Bigotry in America
A recent Businessweek cover has brought out the swift ire of many people.
The article, “How the Mormons Make Money,” by Caroline Winter – is an in-depth look into the business side of the Church of Jesus Christ of Latter-day Saints. The article focuses on the business aspects of the Church (as is the editorial mission of the publication), including the property and stock holdings, business subsidiaries, and tax benefits.
Overall the article, from a completely business analysis standpoint, is fairly neutral, but at times critical, and at other times fair. However, it is the cover of the magazine that raises questions. It is so blasphemous and bigoted as to stain the stone of the entire article. It is a caricature of the beloved painting of John the Baptist bestowing the Aaronic priesthood upon Joseph Smith and Oliver Cowdery. The thought bubble next to John the Baptist reads, “… and thou shalt build a shopping mall, own stock in Burger King and open a Polynesian theme park in Hawaii that shall be largely exempt from the frustrations of tax.” Beside Joseph Smith the thought bubble replies, “Hallelujah.”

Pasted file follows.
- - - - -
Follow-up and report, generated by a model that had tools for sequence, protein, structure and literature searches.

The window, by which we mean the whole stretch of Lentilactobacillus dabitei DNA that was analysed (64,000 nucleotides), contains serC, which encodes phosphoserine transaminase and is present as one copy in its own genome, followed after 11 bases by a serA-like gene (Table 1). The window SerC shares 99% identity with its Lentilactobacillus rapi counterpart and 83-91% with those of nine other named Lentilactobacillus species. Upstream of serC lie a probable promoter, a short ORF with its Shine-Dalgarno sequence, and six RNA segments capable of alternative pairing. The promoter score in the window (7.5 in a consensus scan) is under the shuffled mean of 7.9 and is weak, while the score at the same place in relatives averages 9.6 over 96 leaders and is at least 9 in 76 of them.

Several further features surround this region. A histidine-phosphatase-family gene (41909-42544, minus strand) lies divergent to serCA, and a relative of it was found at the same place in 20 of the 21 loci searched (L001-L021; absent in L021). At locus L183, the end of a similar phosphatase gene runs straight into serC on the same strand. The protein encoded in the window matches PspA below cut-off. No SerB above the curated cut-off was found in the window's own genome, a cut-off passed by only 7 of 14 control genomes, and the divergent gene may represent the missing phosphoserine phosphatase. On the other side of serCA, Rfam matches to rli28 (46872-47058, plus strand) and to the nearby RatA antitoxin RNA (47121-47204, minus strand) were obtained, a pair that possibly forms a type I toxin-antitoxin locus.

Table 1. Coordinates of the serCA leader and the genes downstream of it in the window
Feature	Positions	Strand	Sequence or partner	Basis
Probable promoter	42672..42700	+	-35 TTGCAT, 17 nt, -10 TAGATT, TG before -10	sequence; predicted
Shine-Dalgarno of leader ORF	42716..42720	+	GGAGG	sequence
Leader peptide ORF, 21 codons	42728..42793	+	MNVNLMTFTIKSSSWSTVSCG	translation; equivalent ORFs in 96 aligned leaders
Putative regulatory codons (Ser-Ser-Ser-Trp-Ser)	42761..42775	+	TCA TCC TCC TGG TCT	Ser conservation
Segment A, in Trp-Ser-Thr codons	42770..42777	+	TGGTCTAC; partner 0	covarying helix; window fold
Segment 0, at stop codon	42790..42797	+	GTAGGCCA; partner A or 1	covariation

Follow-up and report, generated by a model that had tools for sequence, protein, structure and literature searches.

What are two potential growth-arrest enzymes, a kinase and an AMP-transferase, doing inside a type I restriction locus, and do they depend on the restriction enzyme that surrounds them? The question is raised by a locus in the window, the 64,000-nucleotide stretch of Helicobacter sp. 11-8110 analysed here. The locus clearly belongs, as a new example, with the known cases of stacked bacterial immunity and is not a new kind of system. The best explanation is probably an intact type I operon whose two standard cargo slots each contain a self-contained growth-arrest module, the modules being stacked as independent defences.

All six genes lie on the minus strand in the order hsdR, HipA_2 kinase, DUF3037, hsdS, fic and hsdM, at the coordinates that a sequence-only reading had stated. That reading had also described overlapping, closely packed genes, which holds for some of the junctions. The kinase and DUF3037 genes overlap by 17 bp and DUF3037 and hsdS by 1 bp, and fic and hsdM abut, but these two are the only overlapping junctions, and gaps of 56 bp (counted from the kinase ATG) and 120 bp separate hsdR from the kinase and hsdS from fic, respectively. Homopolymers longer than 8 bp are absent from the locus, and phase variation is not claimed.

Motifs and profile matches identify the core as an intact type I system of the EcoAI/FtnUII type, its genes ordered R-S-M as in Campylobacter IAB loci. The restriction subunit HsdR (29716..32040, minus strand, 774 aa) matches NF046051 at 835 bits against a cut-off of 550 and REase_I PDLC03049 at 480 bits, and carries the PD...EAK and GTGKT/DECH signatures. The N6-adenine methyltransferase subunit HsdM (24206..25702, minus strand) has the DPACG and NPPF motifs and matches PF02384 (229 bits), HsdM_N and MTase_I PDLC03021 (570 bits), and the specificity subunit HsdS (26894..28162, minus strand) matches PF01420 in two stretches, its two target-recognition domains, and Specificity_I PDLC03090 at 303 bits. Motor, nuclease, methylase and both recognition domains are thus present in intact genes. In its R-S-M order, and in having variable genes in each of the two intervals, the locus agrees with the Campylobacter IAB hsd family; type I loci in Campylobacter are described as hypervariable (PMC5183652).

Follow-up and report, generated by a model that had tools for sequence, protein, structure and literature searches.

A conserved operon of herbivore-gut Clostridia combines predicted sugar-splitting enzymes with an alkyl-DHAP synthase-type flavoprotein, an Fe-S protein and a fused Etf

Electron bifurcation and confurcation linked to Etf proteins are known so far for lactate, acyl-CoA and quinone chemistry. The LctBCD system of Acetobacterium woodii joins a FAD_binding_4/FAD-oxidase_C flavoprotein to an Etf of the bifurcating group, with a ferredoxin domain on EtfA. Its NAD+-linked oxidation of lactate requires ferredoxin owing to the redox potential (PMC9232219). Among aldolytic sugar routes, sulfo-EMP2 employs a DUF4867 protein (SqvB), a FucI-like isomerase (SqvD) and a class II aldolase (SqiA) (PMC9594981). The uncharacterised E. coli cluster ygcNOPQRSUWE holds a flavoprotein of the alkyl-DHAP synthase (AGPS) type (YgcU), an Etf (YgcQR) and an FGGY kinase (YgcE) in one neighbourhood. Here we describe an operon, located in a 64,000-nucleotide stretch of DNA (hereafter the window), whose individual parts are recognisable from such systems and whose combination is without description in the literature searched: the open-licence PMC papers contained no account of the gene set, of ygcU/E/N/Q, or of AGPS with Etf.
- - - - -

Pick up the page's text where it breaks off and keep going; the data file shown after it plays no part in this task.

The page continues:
The artwork for the article passes the lines of decency and is insulting to all Mormons, if not all religions. It should never be acceptable to mock or belittle the sacred beliefs of any religion. To do so against Mormons is a slap in the face to all churches. However, it is highly unlikely that any other church would ever be so openly mocked.
It is hard to conceive of a mainstream magazine targeting any other religion with so much venom. Where are the articles about the art and real estate holdings of the Catholic Church? (The Vatican's real estate was worth about $900 million in 2004.) Where are the exposes about the finances of the Scientologists? How much money do all of the Baptist universities make? We don't see those articles because it would never be acceptable to blaspheme a more readily accepted religion.